August 26, 2010

Into my sewing history - part 3

After sifting through all my clothes when installing my new wardrobe, I promised you a whole series of blasts from my sewing past.
I've shown you two.
The old achievements were quickly pushed aside by new projects and newer plan... much like... No, let's not get philosophical about that. It's not so bad, after all, those old achievements were the building blocks of all mycurrent crafty endevours... much like.....

Joking aside, I thought it would be nice to do one more post with my old skirts. Completely apart from their looks, they represent an important step in my 'development' as a seamstress. They are the result of my very first tentative steps into pattern making.

I made these before taking lessons in pattern making, using a (unfortunately Dutch-only) book called 'Rok en co' (skirt and co'), with the subtitle 'for the lazy seamstress.
I would recommend this book to all beginners who like the notion of making patterns but lack the time or the love of math/technique to go all the way. It has loads of fun illustration and tutorials for several simple skirt patterns. And the sort of can-do attitude that encourages you to use it as a starting point for your own experiments.

I made these skirts based on the book's pencil skirt. The first one is long, has a little flare from just above the knee and a curved-up hemline. The second one is plain at the front but has a lace-up center back with three rows of circular ruffles underneath.

This skirt was based on the book's gored skirt tutorial. I made a long, plain 6 gore skirt before. This one is treated as a 6 gore skirt at the front and as a 8 gore skirt at the back. Instead of widening the gores themselves, I inserted the red satin godets. The skirt also is quite a bit longer at the back.
The pattern worked out fine, but this was the item which really showed me I needed some extra sewing skills. I had no idea how to make a good hem on such flared bits and the zigzagged seam allowances at the back were on show all the time.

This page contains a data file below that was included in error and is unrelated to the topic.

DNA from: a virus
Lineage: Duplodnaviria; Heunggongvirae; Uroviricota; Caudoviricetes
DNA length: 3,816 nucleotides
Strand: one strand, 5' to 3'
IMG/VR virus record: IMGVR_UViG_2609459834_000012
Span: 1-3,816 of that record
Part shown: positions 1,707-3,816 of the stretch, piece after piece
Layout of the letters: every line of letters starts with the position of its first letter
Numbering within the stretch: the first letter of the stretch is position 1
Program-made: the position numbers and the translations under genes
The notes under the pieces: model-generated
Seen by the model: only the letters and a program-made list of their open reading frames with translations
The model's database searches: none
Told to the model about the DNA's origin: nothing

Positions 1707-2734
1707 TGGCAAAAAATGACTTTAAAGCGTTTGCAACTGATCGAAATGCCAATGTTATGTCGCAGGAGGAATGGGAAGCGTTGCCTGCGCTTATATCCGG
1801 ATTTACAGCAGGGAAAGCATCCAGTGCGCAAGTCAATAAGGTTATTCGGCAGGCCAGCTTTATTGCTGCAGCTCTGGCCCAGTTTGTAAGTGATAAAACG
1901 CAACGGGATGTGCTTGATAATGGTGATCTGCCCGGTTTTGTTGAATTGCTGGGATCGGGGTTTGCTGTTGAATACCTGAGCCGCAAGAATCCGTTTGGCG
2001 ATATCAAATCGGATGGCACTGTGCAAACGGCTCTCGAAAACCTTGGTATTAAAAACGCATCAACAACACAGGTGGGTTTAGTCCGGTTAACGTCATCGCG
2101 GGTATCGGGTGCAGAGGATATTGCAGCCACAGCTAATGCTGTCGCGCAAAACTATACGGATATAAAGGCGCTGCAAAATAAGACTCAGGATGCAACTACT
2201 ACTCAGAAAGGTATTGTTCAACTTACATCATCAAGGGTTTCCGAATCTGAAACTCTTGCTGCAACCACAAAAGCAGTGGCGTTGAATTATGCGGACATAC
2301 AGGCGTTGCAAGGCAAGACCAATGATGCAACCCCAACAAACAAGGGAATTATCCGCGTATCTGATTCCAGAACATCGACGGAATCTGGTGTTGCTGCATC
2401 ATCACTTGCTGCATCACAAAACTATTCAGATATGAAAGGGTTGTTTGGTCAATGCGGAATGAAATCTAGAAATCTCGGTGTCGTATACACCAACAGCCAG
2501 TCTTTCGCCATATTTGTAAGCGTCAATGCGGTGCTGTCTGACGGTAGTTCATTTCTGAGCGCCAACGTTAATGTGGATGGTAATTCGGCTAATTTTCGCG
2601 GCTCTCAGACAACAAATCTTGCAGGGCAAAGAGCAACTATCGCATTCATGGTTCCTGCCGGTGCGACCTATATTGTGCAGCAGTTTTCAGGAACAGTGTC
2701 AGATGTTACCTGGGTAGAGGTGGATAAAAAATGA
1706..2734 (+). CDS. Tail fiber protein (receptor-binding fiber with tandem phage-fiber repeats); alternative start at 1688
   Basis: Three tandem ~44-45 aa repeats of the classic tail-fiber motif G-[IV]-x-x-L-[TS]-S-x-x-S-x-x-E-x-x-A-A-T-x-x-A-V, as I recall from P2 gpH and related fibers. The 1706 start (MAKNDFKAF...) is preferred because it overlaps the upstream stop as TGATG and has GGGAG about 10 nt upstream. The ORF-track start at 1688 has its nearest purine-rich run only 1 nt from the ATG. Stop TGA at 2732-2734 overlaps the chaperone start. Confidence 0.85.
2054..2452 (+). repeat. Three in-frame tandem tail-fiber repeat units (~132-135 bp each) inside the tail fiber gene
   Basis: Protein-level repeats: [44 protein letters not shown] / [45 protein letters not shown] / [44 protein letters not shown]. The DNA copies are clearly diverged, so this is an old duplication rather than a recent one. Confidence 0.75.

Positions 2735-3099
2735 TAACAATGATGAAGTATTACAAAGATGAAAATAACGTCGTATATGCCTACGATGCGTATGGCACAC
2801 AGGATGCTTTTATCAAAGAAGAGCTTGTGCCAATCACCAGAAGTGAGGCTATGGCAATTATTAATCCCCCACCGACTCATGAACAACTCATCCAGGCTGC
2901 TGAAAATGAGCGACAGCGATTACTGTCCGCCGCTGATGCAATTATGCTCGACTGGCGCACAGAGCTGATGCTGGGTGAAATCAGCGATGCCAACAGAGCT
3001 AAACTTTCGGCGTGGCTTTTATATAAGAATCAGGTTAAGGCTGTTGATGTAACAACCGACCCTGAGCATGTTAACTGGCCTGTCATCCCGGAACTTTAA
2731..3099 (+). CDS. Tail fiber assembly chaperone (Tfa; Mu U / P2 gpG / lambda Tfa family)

The last skirt was a quick high-summer option. I used the pencil skirt pattern as a base for the yoke and the circle skirt tutorial to calculate the hole I had to cut in the rest of the fabric.

When I went to my first sewing technique and pattern making lesson, I took both of the knee length skirts and the voile blouse with me, to show the teacher my starting point. She was very nice about all of them and told me all I really needed to learn were some finishing tricks. Of course, then my sewing addiction really kicked in, I learned much, much more from her and the rest, as they say, is history.


  1. Very cool post! I love seeing what you've done to get you where you are now, sewing-wise. To be fair, I look at my old projects and roll my eyes. I still wear some b/c no one really sees the flaws like I do, but I think once I knew how to fit and finish nicely, it made all the difference.

    Now if I could just find a copy of your book in English! It sounds right up my alley. Patternmaking maths kind of freak me out. But that's the great thing about sewing: we're always learning and growing. Good 'nuff.

  2. I no longer have any of my really early projects, which makes me a little sad. It's nice to still have them to reference to and see how far you've come. Do you still wear any of these? The corset back one looks fun and interesting. And it is unusual to see you without your heels!!

  3. blast from the past. well you have inspired to me to go back to closet and share all those unsung heroes with fellow bloggers. Thanks for the inspiration. You have a nice skirt collection...